Title: Spot Me (Work Out #1)
Author: Andrew Grey
Publisher: Dreamspinner Press
Buy Link: Amazon.com
Length: Novella (101 pages)
Rating: 3.25 stars out of 5
A Guest Review by Aunt Lynn
Working out is a daily routine for Dan, who meets his friend Lonnie at the gym to lift weights. But breaking a sweat takes on a whole new meaning when Dan sees Gene, a professional bodybuilder, in the mirror. Dan knows it’s a lost cause: he’s forty and nursing a broken heart, nowhere in the same league as gorgeous Gene.
Then at the gym the next day, Gene asks Dan if he can work out with him. A bet wins Dan a smoothie and conversation, which surprisingly leads to a date. Now Dan is faced with a dilemma: does he allow Gene to elbow his way into his life, or will he give up on the idea of a new relationship before it even starts?
Work Out Series
Spot Me is the second book of Andrew Grey’s that I’ve read and reviewed (Best Revenge is reviewed here). More than willing to give this author another try, I scooped up this story in the newest offerings from DSP. Though I thought the book had potential and it started out all right, it soon became apparent to me that it would be a miss. I would classify it in the “Eh” category with some annoyances thrown in.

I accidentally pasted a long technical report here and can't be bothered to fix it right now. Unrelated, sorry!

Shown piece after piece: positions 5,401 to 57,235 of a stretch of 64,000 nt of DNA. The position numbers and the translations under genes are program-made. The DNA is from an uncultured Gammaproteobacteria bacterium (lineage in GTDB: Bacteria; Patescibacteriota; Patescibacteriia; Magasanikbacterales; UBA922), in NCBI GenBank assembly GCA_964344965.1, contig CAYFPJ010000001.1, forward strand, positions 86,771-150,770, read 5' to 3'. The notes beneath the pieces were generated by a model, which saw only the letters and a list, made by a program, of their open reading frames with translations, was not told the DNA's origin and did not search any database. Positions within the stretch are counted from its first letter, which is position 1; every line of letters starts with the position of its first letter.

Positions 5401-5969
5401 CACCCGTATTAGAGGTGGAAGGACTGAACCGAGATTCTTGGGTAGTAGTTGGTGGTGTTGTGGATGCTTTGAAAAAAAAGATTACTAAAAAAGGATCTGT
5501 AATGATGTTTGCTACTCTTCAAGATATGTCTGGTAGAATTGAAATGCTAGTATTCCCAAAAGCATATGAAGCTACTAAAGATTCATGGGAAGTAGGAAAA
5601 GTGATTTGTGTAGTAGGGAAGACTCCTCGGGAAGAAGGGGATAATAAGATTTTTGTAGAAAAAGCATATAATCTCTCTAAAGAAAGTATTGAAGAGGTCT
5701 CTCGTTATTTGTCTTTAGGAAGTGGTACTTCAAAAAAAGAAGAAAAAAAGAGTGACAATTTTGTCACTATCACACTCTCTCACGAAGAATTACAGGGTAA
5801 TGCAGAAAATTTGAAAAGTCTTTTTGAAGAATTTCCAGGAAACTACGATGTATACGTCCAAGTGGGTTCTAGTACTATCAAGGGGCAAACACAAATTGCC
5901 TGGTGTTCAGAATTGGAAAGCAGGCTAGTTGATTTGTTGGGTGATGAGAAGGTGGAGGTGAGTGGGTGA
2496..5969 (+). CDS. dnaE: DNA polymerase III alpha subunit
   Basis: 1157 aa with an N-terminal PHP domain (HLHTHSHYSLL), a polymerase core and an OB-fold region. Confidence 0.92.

The story opens with Dan, who tells the tale in third person, leaving work and going to meet his best friend and work out partner, Lonnie, at the gym for their daily weight training. As he’s doing his thing, he spies a newcomer, a huge, muscled “absolute vision” and it totally taken by him. It turns out that he is a fairly famous gay bodybuilder, Gene, a man who has graced the cover of muscle mags for a while now on his way to his goal to becoming a chemical-free, all natural Mr. Universe. It seems that this beautiful man noticed Dan, also, and soon they are having protein shakes after their work outs and going to dinner together. But all is not perfect in muscled lovers land; Dan has some self-esteem and relationship issues that impede the happiness Gene is sure they can have together.
My biggest issue is with Dan, who I felt was inconsistent in his personality, emotions, actions and confidence. Half the time he is a whiney, shy, embarrassed, skittish, insecure mess, and the other half he is confidant, secure and almost wanton. I was never sure which Dan I was going to see; he flipped back and forth, sometimes paragraph to paragraph. Early in the story, even before formally meeting Gene, Dan says to Lonnie (who, by the way, I liked as a character very much and wished I had seen more of):
“But let’s be real here. He’s what, about twenty-eight? And way out of my league. Even if he is gay, a guy like that is not going to go for a skinny old guy like me.”
This almost sums up the issues. It’s obvious that he is intimidated by Gene’s body. Dan has a decent body which he seems fine with in one breath (He was never going to look like Gene, but he was happy with his progress), but in the next he’s self-conscious in comparison to the other muscle-bound men around him, especially Gene (Did that mean Gene had been looking at his legs? Dan was almost embarrassed. He’d been working out for years, and while he was lean, he was never going to be particularly muscular). The twelve-year age difference bothers him, too; he is forty and Gene is twenty-eight, and it comes up time and again throughout the story.